Future Work

These examples illustrate the complex relationship between the parameters that characterize earthquake rupture and the local tsunami that is generated. Presently, it is exceedingly difficult to devise likely scenarios of rupture along the Cascadia megathrust. Much work is presently under way by seismologists to determine the nature of earthquake rupture along major plate boundary faults. As more is learned about the nature of possible earthquakes in Cascadia, the hazards from local tsunamis can be better defined. See Phase 2 and Phase 3 (USGS Professional Paper 1661-B) of this research project.

Related Publications

Geist, E., and Yoshioka, S., 1996, Source parameters controlling the generation and propagation of potential local tsunamis along the Cascadia margin: Natural Hazards, v. 13 no. 2, pp. 151–177, doi: 10.1007/BF00138481.

Geist, E.L., 1996, Relationship between the present-day stress field and plate boundary forces in the Pacific Northwest: Geophysical Research Letters, v. 23 no. 23, pp. 3381–3384, doi: 10.1029/96GL03157.

Geist, E.L., 1998, Local Tsunamis and Earthquake Source Parameters: In: Dmowska, R., Saltzman, B. (Eds.), Advances in Geophysics. Tsunamigenic Earthquakes and Their Consequences 39, Elsevier, pp. 117–209, doi: 10.1016/S0065-2687(08)60276-9.

#2. A Stochastic Model for Potential Tsunamis in the Pacific Northwest

Effect on local tsunamis from spatial variations of slip during rupture

Beyond Scaling Relationships

Two graphs with plotted dots to show earthquakes that caused by tsunamis versus those that were not.

In the first phase of research on potential tsunamis that may occur along the Pacific Northwest coast, we showed that the individual parameters of earthquake rupture (e.g., geometry of faulting, orientation of slip) have a significant effect on the local tsunami wavefield. For this reason, even though local tsunami runup generally increases with earthquake magnitude, there is substantial variation or scatter in this scaling relationship, as evidenced by average and maximum statistics of local observations.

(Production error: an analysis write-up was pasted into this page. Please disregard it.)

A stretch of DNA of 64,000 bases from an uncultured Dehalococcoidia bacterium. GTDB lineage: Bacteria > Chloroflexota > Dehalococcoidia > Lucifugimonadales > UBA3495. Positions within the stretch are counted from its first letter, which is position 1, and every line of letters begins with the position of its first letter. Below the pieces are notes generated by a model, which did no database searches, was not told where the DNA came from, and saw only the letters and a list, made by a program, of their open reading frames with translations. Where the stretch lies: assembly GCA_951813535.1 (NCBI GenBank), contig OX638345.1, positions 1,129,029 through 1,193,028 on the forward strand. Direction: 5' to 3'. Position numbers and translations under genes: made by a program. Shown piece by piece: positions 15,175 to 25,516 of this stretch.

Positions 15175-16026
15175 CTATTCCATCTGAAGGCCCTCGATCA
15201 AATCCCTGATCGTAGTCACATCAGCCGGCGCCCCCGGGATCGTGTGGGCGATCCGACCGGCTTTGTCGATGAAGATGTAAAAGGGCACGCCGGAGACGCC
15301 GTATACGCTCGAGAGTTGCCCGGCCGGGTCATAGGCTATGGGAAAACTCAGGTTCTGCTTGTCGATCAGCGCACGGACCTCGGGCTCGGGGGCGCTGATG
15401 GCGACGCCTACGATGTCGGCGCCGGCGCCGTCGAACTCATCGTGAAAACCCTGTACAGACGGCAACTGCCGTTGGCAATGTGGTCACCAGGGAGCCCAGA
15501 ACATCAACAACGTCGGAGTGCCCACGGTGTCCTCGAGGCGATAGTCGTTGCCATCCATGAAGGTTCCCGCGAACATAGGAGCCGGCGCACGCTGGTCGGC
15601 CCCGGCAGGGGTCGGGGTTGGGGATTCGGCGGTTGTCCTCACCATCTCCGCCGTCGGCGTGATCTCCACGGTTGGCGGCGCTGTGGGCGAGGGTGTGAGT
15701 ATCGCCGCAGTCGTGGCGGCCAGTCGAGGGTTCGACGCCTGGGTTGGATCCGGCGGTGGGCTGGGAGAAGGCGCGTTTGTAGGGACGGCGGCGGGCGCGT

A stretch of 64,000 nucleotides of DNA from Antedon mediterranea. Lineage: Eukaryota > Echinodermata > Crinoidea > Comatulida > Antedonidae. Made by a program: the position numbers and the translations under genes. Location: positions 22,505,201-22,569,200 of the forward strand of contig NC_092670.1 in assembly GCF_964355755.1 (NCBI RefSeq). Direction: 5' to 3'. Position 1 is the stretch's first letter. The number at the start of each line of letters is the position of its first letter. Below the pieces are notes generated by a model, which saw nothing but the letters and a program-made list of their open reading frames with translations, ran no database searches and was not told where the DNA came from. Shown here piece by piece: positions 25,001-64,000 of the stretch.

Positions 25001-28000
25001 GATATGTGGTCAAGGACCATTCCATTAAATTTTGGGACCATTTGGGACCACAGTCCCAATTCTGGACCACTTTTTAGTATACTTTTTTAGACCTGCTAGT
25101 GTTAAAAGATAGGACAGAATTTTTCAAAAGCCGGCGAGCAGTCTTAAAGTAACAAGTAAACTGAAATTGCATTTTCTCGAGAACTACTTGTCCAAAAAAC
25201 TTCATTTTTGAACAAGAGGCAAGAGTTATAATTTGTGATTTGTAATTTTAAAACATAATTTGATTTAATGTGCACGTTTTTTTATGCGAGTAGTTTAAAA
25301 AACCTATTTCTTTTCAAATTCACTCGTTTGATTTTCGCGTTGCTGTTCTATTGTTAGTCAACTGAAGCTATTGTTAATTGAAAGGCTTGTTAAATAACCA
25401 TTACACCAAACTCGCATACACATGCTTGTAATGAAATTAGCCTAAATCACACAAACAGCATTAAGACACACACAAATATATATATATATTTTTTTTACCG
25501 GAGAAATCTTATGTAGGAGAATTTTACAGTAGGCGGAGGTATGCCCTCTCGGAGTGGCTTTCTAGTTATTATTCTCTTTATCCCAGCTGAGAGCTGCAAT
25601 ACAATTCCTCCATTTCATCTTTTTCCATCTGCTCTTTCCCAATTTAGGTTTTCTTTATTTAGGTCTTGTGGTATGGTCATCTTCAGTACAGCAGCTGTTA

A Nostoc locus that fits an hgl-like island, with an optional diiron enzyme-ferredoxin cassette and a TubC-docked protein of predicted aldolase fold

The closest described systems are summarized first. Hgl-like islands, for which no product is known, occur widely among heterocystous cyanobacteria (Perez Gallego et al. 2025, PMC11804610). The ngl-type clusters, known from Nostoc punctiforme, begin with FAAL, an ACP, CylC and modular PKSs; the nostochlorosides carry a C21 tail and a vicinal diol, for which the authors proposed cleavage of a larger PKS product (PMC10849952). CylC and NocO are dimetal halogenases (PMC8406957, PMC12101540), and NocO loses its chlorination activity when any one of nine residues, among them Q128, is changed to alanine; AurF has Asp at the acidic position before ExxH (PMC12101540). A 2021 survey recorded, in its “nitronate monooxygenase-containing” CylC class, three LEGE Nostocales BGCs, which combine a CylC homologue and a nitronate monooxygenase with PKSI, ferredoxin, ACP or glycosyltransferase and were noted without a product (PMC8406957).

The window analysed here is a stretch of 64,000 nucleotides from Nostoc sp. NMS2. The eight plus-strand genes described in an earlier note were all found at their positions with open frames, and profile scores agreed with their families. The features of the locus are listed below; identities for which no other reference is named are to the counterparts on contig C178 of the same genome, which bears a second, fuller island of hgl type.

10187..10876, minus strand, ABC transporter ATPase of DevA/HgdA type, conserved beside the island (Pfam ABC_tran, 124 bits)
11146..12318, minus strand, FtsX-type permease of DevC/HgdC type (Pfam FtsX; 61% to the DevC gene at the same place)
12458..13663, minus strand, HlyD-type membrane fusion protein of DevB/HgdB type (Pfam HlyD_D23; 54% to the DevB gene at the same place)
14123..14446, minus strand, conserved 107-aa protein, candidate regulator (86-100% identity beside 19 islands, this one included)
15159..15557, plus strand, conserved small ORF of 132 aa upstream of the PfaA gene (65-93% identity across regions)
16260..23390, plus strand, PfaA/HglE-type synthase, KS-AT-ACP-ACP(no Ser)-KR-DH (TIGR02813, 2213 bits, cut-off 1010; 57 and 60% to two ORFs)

Two observations are apparent in the figures shown here:

  1. for a given earthquake magnitude, local runup is substantially greater for tsunami earthquakes than for non-tsunami earthquakes;
  2. the degree of scatter is critical for estimating local tsunami hazards--comparison of earthquakes of similar magnitude (1944 Tonankai and 1986 Aleutian, for example) illustrates the discrepancy of maximum runup that could occur.

It is also important to note that these observations pertain to local tsunamis. There is considerably less scatter in the scaling relationship for distant tsunamis because of the smoothing effect of tsunami propagation on small-scale variations of the earthquake rupture process.

The observed scatter in the relationship between local runup and earthquake magnitude shown in the plot is caused by several different factors including water depth at the source, hypocentral depth, and rupture geometry (aspect ratio). In this study we focus on perhaps the largest source of this scatter: variation in the amount of slip throughout the rupture area.

Fundamental Effects on Slip Variations

We often think that during an earthquake, the fault slips a fixed amount. It serves not only as a common conception but also as a working assumption for many tsunami models (including models employed during the first phase of this study). An alternative and, perhaps, a more useful conception of earthquake rupture is that of a crack in which slip decreases to zero at the crack tip or at the edge of earthquake rupture. In Geist and Dmowska (1999) we demonstrate that incorporating "natural" slip variations into our tsunami generation model has a measurable effect on the local tsunami wavefield, in comparison to models that assume uniform slip throughout the rupture area. Moreover, we can use the slip distribution of an earthquake determined from global seismic observations to reconstruct the generated tsunami. Although reconstructing past tsunamis is a significantly worthwhile scientific endeavor for understanding the relationship between earthquakes and tsunamis (e.g., Geist and Zoback, 1999), an essential product of tsunami research is tsunami hazard assessments which we discuss next.